Mad Maps Guide

Check out this great new guide from the Icarus Project! THE FIRST MAD MAPS GUIDE IS HERE! Madness & Oppression: Paths to Personal Transformation and Collective Liberation. Download for free or purchase through AK Press by clicking here.

Webinar: Healing from Trauma by Centering Health and Wellness in Social Justice Movements

Note: This is the second of two webinars led by trans and gender non-conforming communities of color. We apologize that the webcams did not get recorded. However, the audio works just fine. Enjoy.

Webinar: Examining Root Causes of Trauma and the Way State Sanctioned Violence Disproportionately Impacts Trans and Gender Non-Conforming Communities of Color

Click here for the PowerPoint (2.6MB)


Peer Support Resources Website

This website was created as a way to share resources with those interested in understanding, implementing or working in peer-to-peer support roles (particularly those that exist within mental health services and/or that are intended for individuals who are or have experienced trauma, emotional distress, psychiatric diagnosis and other significant life challenges). We hope that this site will keep growing over time and we look to YOU to help us do that with your questions, suggestions and any tools and resources you may want to offer.

Website –

Information on Medicare coverage of Medications

Hearing Voices

NEC’s Oryx Cohen was featured along with the Western Massachusetts Recovery Learning Community’s Marty Hadge in a SAMHSA sponsored webinar on Hearing Voices on World Mental Health Day (10/12/14). Click here to access the recorded webinar.

For more information on the Hearing Voices Network:

In the USA, please visit
Internationally, please visit

From the Ground Up: How to Build your own Peer-to-Peer Recovery Center

This guide on how to build a recovery center was developed by the addictions community but can apply to peer-to-peer mental health communities as well. The guide includes a letter to the mental health community written by the National Empowerment Center’s Oryx Cohen. Click here to access the guide directly.

Engaging Women in Trauma-Informed Peer Support: A Guidebook

This guide was created by the National Center on Trauma-Informed Care as a technical assistance document to help make trauma-informed peer support available to women who receive or have received services in behavioral health or other human service systems. It is designed as a resource for peer supporters in these or other settings who want to learn how to integrate trauma-informed principles into their relationships with the women they support or into the peer support groups of which they are members. The goal is to provide peer supporters both male and female with the understanding, tools, and resources needed to engage in culturally responsive, trauma-informed peer support relationships with women. To download the entire guide, click here (PDF, 9.61MB, 96 pages). To access individual chapters, click here.

Study by a team led by Dr. Nancy Andreason shows significant loss of brain tissue as a result of antipsychotic medication.

Long-term Antipsychotic Treatment and Brain Volumes | A Longitudinal Study of First-Episode Schizophrenia

“Antipsychotics are effective medications for reducing some of the target clinical symptoms of schizophrenia: psychotic symptoms. In medicine we are aware of many instances in which improving target symptoms worsens other symptoms. Hormone therapy relieves menopausal symptoms but increases stroke risk. Nonsteroid alti-inflammatory drugs relieve pain but increase the likelihood of duodenal ulcers and gastro intestinal tract bleeding. It is possible that, although antipsychotics relieve psychosis and its attendant suffering, these drugs may not arrest the pathophysiologic processes underlying schizophrenia and may even aggravate progressive brain tissue volume reductions.” Click here to read full article (PDF, 184KB, 10 pages, from ARCH GEN PSYCHIATRY/VOL68 (NO.2), FEB 2011)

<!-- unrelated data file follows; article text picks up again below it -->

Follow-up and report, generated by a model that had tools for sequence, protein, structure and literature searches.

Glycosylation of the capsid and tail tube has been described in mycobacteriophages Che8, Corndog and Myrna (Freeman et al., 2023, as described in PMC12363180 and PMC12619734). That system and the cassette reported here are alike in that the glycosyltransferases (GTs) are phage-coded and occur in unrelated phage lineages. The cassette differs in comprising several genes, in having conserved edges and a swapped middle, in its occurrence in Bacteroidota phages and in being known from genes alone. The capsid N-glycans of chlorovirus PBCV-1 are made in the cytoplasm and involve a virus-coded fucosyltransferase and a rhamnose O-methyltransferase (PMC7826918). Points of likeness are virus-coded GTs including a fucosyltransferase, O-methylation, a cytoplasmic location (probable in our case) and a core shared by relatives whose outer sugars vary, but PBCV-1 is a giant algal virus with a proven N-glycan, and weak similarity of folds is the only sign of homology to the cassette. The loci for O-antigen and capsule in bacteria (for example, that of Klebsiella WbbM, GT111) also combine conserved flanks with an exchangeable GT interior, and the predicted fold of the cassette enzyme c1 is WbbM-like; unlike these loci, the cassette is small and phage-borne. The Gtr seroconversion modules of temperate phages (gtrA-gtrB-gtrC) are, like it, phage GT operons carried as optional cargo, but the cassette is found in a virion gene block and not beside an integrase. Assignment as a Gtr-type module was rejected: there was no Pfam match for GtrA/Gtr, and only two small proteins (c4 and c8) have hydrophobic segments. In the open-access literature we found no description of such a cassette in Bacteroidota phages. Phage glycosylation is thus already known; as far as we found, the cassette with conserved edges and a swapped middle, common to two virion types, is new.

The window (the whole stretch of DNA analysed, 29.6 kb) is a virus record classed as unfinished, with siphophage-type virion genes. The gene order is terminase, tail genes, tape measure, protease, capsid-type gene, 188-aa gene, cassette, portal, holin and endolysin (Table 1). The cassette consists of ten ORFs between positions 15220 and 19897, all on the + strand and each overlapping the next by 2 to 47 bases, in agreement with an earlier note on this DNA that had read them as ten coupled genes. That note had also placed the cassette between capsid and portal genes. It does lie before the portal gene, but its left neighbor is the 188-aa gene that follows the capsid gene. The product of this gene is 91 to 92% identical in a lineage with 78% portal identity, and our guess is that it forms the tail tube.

Critiques of the “Broken Brain” Model of Mental Health Conditions

Dr. Richard Bentall’s critique of biological psychiatry (April 2013)

There is little evidence that the biological approach to psychiatry is benefiting patients. Outcomes for patients suffering from ‘schizophrenia’ have not improved since the Victorian age and an increasing number of people are disabled by psychiatric conditions. This is precisely the opposite to what has happened in physical medicine, where genuine advances have led to improved outcomes and reduced disability. Click to read the critique (PDF, 127KB, 5 pages)

New Study: Compulsory Treatment Unjustified, Does not Reduce Hospital Readmission

This study, published in The Lancet (March 2013), concludes: “In well coordinated mental health services the imposition of compulsory supervision does not reduce the rate of readmission of psychotic patients. We found no support in terms of any reduction in overall hospital admission to justify the significant curtailment of patients’ personal liberty.” Click here to read the full article (PDF, 274KB, 7 pages)

I GOT BETTER Campaign – Executive Summary of Findings

The I GOT BETTER Campaign seeks to understand the factors contributing to individual recovery. Survey results clearly show that many individuals (even those with so-called severe mental illness) can and do achieve stable, medication-free wellness. And 97% of Follow-up Survey respondents with a psychiatric diagnosis affirmed they had “experienced at least some recovery from mental or emotional problems.” Click here to read the full report.

Report on the FDA hearing Jan. 2011 on whether ECT devices should remain as a category III device

The United States government is taking a closer look at electroshock treatment, long a controversial treatment for severe depression and other psychiatric disorders, to determine if the therapy should be subject to more stringent oversight or reclassified as lower-risk. Click to read article at the Canadian Medicial Association Journal